Two more areas where bias is believed to be popping up stem from interview and admissions fatigue. According to the research, almost half (43%) of business schools are use only one interviewer to evaluate their candidates. Sometimes, having only one interviewer simply comes down to resource constraints, Hastings says. Still, he believes that only having one interviewer compromises the integrity of the admissions process. Some schools have tried to overcome the potential bias and fatigue by enlisting alumni interviewers. While this could be a solution, Hastings says it also opens doors to more potential biases. “Alumni interviews are great,” he says, “but the issues are, they are usually informal discussions, there might not be a set of standardized questions, and the alumni haven’t been trained to do the interview. And you’re really at the mercy of the person you are talking to at that point.”

Resource constraints are likely a large reason 43% of admissions offices say they experience fatigue during the decision process. “You have almost half of admissions teams complaining about fatigue and burnout,” Hastings notes. “When you’re tired, you’re not making the best decisions — objectivity is not your strong suit. They’re exhausted — and that’s affecting applicant outcomes.”

Two of the most common forms of bias appearing in the study were the “Bandwagon Effect” and “Bizarreness Effect,” Hastings says. The Bandwagon Effect, or groupthink as it’s known in psychology, happens when a team of admissions staff decide to admit or reject an applicant largely because one member of the staff has a strong opinion one way or the other. Hastings says the best way to avoid the Bandwagon Effect is to have two, three, or more admissions staff members look at each applicant.

The Bizarreness Effect occurs when one candidate is admitted over another because they have some sort of unique quality or experience that stands out in a reviewer’s mind. This shows up most in applicants from different socioeconomic groups, Hastings says. “An applicant from a wealthy family,” he says, “has likely had the opportunity to travel the world and do interesting things that might stand out more in an admissions process than someone equally qualified but from a different socioeconomic status who can’t go help elephants in Thailand for a year.”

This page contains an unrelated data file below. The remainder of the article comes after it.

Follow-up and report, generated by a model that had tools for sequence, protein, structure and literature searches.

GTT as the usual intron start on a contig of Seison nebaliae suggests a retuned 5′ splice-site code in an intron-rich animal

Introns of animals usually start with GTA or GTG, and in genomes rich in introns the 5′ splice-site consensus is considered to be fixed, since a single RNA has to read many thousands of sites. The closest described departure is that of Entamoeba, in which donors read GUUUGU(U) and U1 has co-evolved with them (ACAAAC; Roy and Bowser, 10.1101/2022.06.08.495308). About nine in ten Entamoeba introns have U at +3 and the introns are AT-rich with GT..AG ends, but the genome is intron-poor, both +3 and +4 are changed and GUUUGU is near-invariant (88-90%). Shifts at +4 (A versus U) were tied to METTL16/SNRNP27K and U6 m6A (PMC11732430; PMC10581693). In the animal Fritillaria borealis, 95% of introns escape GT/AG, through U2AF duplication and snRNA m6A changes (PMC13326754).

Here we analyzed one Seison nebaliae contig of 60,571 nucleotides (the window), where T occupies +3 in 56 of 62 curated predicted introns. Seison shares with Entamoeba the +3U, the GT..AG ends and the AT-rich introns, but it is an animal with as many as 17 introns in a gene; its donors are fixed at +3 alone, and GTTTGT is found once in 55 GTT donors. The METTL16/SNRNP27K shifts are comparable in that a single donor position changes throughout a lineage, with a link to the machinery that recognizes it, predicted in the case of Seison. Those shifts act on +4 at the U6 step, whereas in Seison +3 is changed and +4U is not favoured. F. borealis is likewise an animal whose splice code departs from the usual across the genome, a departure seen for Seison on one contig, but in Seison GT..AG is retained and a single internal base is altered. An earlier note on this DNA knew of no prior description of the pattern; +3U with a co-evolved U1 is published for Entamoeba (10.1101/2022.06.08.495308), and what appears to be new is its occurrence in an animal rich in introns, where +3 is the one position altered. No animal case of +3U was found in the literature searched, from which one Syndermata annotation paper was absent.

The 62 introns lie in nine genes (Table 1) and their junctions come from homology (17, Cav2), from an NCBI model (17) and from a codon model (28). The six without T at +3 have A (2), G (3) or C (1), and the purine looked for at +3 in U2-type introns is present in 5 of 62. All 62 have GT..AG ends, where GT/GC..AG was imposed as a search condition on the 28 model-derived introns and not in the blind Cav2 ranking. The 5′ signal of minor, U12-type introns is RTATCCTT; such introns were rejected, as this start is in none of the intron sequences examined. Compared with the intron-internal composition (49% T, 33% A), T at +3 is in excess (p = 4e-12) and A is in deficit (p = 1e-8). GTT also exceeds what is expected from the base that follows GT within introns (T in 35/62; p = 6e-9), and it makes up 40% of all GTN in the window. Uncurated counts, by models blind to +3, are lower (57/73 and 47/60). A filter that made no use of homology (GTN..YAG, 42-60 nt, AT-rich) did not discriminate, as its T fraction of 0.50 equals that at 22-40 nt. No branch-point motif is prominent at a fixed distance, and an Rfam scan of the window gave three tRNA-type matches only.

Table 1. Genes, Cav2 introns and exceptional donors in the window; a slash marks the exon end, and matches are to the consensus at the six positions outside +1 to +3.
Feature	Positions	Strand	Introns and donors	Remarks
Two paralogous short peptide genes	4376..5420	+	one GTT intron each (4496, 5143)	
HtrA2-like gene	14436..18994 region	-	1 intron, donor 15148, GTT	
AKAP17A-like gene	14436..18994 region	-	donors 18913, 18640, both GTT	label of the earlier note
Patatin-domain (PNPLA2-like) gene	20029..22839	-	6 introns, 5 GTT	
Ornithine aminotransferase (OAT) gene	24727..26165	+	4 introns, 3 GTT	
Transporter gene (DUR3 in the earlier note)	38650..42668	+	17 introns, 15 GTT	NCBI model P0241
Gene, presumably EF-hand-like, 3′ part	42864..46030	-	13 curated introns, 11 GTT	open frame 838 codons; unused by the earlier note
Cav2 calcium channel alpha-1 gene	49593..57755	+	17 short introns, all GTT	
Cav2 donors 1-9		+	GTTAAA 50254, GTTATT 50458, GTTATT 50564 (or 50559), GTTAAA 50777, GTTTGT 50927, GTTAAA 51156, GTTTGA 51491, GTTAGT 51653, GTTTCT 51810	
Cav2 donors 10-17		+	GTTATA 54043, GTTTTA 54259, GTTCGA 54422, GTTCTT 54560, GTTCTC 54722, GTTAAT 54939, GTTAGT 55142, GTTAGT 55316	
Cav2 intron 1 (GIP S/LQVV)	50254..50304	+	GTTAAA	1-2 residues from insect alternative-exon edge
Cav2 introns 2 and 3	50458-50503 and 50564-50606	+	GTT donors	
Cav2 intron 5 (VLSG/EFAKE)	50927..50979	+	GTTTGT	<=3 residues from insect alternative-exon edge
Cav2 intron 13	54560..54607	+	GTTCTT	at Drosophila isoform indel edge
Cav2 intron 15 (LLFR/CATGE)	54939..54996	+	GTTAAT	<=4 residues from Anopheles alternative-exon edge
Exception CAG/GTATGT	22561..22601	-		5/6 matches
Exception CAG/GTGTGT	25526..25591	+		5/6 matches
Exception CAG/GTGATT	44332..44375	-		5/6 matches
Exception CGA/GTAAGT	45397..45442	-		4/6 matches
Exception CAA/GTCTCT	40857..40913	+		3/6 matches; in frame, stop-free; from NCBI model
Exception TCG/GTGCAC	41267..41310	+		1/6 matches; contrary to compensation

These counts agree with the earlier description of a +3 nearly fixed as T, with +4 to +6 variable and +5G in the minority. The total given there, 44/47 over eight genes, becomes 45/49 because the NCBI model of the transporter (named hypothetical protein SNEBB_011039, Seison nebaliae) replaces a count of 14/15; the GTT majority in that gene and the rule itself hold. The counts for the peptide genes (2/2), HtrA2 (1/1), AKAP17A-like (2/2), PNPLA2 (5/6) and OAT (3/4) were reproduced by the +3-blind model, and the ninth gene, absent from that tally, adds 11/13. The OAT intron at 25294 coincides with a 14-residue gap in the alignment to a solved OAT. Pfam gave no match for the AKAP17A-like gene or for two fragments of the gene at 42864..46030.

Hastings says bias is a part of human nature and is nothing schools should be ashamed of. But it is  something schools should be working through, he believes. “Bias cannot be eliminated, but you can reduce it by redesigning your processes accordingly,” he says. “I think it’s hard work to do this, which is why we haven’t seen many schools do it. But they have a moral imperative to do this because education is so important.”

Bauer believes the current state of less-than-transparent processes in admissions offices is a culprit. According to Bauer, there is “little, if any, feedback provided by schools to rejected applicants” to help them understand where they “fell short” in the admissions process or how they can improve their chances if they decide to apply again. “This lack of candor and transparency — even after the admission decision has been made — has the potential to hide bias and, therefore, can foster doubt and distrust among some applicants,” Bauer says.

While it’s unclear which schools are best at addressing bias, he says, it’s safe to assume the vast majority could be doing better. Of the 145 universities to complete the survey, only 0.7% scored a perfect “A+”. Besides the size of admissions staff and resources each admissions office has, Bauer advises considering the “specificity and volume of information requested from applicants.” Or, the more data collected from an applicant, the more “useful” the total application will be in informing an admissions decision.

“Schools that ask precise questions about a candidate’s past, present and future — spanning the professional, personal, and academic aspects — send a clear message that their decision process considers the totality of the applicant’s life and is less likely to be biased,” Bauer says. “In contrast, schools that ask only one question or impose severe length limits on essays receive much less data for making admissions decisions, thus leaving the door open to criticism about the fairness of the process. The perception of bias can be just as discouraging and disheartening for candidates as actual bias.”